Director: Kenneth Branagh, 2011 (PG-13)
What do you get when you cross a classic actor-turned director with a classic comic book hero? You get a Shakespearian version of a graphic novel. Or, turning it around, you get a Norse take on Shakespeare’s “Henry V”,which is how Kenneth Branagh, that fine actor who directed Hamlet, conceptualized this motion picture adaptation of Marvel’s Thor.
The movie opens in the dead of night on the New Mexico desert. Three astrophysicists, led by Jane Foster (Natalie Portman, Star Wars 1: The Phantom Menace) are chasing some electromagnetic disturbance monitored from their RV. When they get caught up in the swirling dust raised by an intergalactic portal, they abruptly bump into a strange man: Thor (Chris Hemsworth).
After this rapid prologue, Branagh takes us to Asgard, the home of the Norse gods, as he establishes the mythology in the extended first act. We meet Odin (Anthony Hopkins, Silence of the Lambs), the king and old “all-father”, Thor, god of thunder, and his brother Loki (Tom Hiddleston), along with Thor’s band of brothers.
The themes of the story become evident from this first act: the father’s wisdom contrasted with the son’s recklessness. The former will be stable and constant, while the latter will force personal growth through Thor’s character arc.
The wisdom comes across first when Thor is young. Odin tells him, “A wise king never seeks out war, but he must always be ready for it.” Odin clearly symbolizes the patriarch in a pantheon of gods. He reminds us of the Almighty God, sovereign ruler, worshiped in the Christian faith. God is the fountain of wisdom -- “wisdom and power are his” (Dan. 2:20) – and the source or giver of wisdom – “If any of you lacks wisdom, you should ask God, who gives generously to all without finding fault, and it will be given to you” (Jas. 1:5). Like Odin, he desires not to go to war, but when forced to do so, he is willing to pick up the mantle. Satan forced his hand at creation and God has been involved in a spiritual battle ever since, with the victory likely to be secured in the climactic battle at Armageddon (Rev. 19).
Act one concludes when Thor in a fit of supreme recklessness takes his friends to fight against the sworn enemy, the Frost Giants, via the portal. Despite defying his father’s commands, he brings these two nations on different worlds to war. Odin, enraged, declares, “You are a vain, greedy, cruel boy!” With that, he strips Thor of his hammer, his amulets, and his power and banishes him to the realm of earth, where he is merely a ripped and cut hunk, not a superhero.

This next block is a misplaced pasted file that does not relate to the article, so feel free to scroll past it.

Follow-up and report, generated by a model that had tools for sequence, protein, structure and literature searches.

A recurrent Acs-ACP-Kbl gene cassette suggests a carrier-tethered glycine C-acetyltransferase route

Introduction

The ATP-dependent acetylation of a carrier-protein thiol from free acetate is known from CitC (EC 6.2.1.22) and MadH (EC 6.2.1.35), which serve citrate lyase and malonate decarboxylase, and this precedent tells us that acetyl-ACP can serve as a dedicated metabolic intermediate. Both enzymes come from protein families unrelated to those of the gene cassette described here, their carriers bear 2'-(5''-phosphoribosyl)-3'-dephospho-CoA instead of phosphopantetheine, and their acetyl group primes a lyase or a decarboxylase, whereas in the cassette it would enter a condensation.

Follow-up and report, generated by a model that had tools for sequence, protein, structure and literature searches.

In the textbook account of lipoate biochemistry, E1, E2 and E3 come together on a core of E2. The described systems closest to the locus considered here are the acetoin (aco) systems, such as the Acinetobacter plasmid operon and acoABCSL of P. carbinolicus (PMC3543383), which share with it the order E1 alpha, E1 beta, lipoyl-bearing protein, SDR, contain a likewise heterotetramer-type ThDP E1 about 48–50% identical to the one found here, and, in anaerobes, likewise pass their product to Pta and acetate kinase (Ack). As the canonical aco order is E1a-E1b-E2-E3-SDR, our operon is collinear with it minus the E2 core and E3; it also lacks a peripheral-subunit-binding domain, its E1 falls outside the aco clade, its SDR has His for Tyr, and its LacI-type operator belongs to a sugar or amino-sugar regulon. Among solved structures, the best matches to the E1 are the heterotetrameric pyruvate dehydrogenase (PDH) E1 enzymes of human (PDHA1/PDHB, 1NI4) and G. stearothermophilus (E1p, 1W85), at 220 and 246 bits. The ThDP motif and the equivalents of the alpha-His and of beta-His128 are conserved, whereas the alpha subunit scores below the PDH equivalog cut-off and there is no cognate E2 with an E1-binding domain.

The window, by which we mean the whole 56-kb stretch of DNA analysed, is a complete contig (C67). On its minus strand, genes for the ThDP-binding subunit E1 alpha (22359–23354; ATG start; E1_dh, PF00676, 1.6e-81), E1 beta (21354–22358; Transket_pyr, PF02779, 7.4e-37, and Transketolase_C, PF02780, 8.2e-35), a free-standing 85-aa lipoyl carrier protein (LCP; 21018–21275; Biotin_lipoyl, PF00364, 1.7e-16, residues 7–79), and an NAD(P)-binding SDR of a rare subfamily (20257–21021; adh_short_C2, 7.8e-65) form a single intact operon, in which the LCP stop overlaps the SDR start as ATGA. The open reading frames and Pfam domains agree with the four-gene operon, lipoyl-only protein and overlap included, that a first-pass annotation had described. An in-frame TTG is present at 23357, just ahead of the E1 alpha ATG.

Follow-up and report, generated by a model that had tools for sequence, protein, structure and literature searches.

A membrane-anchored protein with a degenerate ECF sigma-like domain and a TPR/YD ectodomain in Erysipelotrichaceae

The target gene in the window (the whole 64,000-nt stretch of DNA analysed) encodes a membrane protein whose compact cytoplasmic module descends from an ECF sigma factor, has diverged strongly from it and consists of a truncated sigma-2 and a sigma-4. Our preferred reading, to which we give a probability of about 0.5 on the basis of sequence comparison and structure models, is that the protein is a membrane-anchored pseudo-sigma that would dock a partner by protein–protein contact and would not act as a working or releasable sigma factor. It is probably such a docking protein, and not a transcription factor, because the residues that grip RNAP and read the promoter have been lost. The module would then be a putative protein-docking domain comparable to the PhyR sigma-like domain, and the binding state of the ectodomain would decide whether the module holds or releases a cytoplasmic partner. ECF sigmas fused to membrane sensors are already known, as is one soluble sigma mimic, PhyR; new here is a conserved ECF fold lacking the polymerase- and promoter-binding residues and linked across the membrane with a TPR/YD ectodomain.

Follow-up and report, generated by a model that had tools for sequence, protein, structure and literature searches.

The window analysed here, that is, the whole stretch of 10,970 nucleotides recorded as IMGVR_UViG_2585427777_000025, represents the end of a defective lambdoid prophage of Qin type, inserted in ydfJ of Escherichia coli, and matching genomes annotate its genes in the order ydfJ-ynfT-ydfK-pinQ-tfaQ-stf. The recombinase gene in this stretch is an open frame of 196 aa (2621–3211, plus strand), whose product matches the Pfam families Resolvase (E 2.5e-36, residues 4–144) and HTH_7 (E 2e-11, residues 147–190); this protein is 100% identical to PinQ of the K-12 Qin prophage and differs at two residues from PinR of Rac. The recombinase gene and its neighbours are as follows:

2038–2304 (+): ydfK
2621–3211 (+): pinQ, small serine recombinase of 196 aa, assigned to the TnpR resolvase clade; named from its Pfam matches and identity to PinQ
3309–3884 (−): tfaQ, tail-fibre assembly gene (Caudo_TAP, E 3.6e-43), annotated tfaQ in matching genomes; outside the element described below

Odin’s wife Frigga (Rene Russo) comments further on Odin’s wisdom to Loki: “There’s always a purpose to everything your father does.” This is as true of his exile of Thor as his selection of Loki not to be king.
Once again, this is reminiscent of God the Father. He always has a plan. As the prophet Jeremiah declares, God has “plans to prosper you and not to harm you, plans to give you hope and a future” (Jer. 29:11) His eternal plans encompass everything from creation to culmination, including personal development for those who follow Jesus: “For those God foreknew he also predestined to be conformed to the image of his Son, that he might be the firstborn among many brothers and sisters. 3And those he predestined, he also called; those he called, he also justified; those he justified, he also glorified. (Rom. 8:29-30) He certainly does nothing without a reason and a purpose.
The second and third acts take place mostly on earth and comprise Thor coming to terms with his arrogance and recklessness. It takes a woman to help: Jane. While the fish-out-of-water aspects are touched on briefly, especially in a café scene, they are not developed. Instead, we see Thor resign himself to his fate when he finds he can no longer pick up his own hammer. This pivotal scene sets him on his knees and becomes the turning point in his growth.
Kenneth Branagh has a wonderful cast of actors, but they don’t have a lot to work with. Hopkins seems to be having a blast as Odin, the supreme king. He blusters and rages, all-powerfully. Hemsworth, in a star-making role, certainly looks the part as Thor, even if he speaks campy, mock heroic dialogue in a somewhat stiff manner. Stellan Skarsgard is more or less wasted as Erik Solvig, Jane’s mentor and friend. And Portman is a most unlikely astrophysicist. Yet, despite the superficiality and the staginess of some of the action sequences, this film is fun. And it does show a hero’s development.
The Thor of act one is arrogant and reckless, caring less for his wise father and more for adventure with his friends. He worries not what consequences he may cause for others; he simply wants to have fun by drinking and daring, feasting and fighting. He is a spitting example of the proverb: “Pride goes before destruction, a haughty spirit before a fall” (Prov. 16:18). His fall is literal as well figurative, mythological as well as metaphorical.
The third act of Thor culminates in his growth and exemplifies another proverb: “When pride comes, then comes disgrace, but with humility comes wisdom” (Prov. 11:2). Thor learns humility; he learns the value of life; he learns the significance of relationship. In one scene, he even adopts a Christ-like mantle of sacrifice. Although his growth is abrupt, it drives to heart of the movie and instills it with spirit and makes it fun.
As the old song goes, “If I had a hammer, I’d hammer in the morning, I’d hammer in the evening, all over this land.” Well, when Thor had a hammer, he was an immature brat. Without his hammer, he learns humility and teaches us that lesson with a does of humor.
Copyright ©2013, Martin Baggs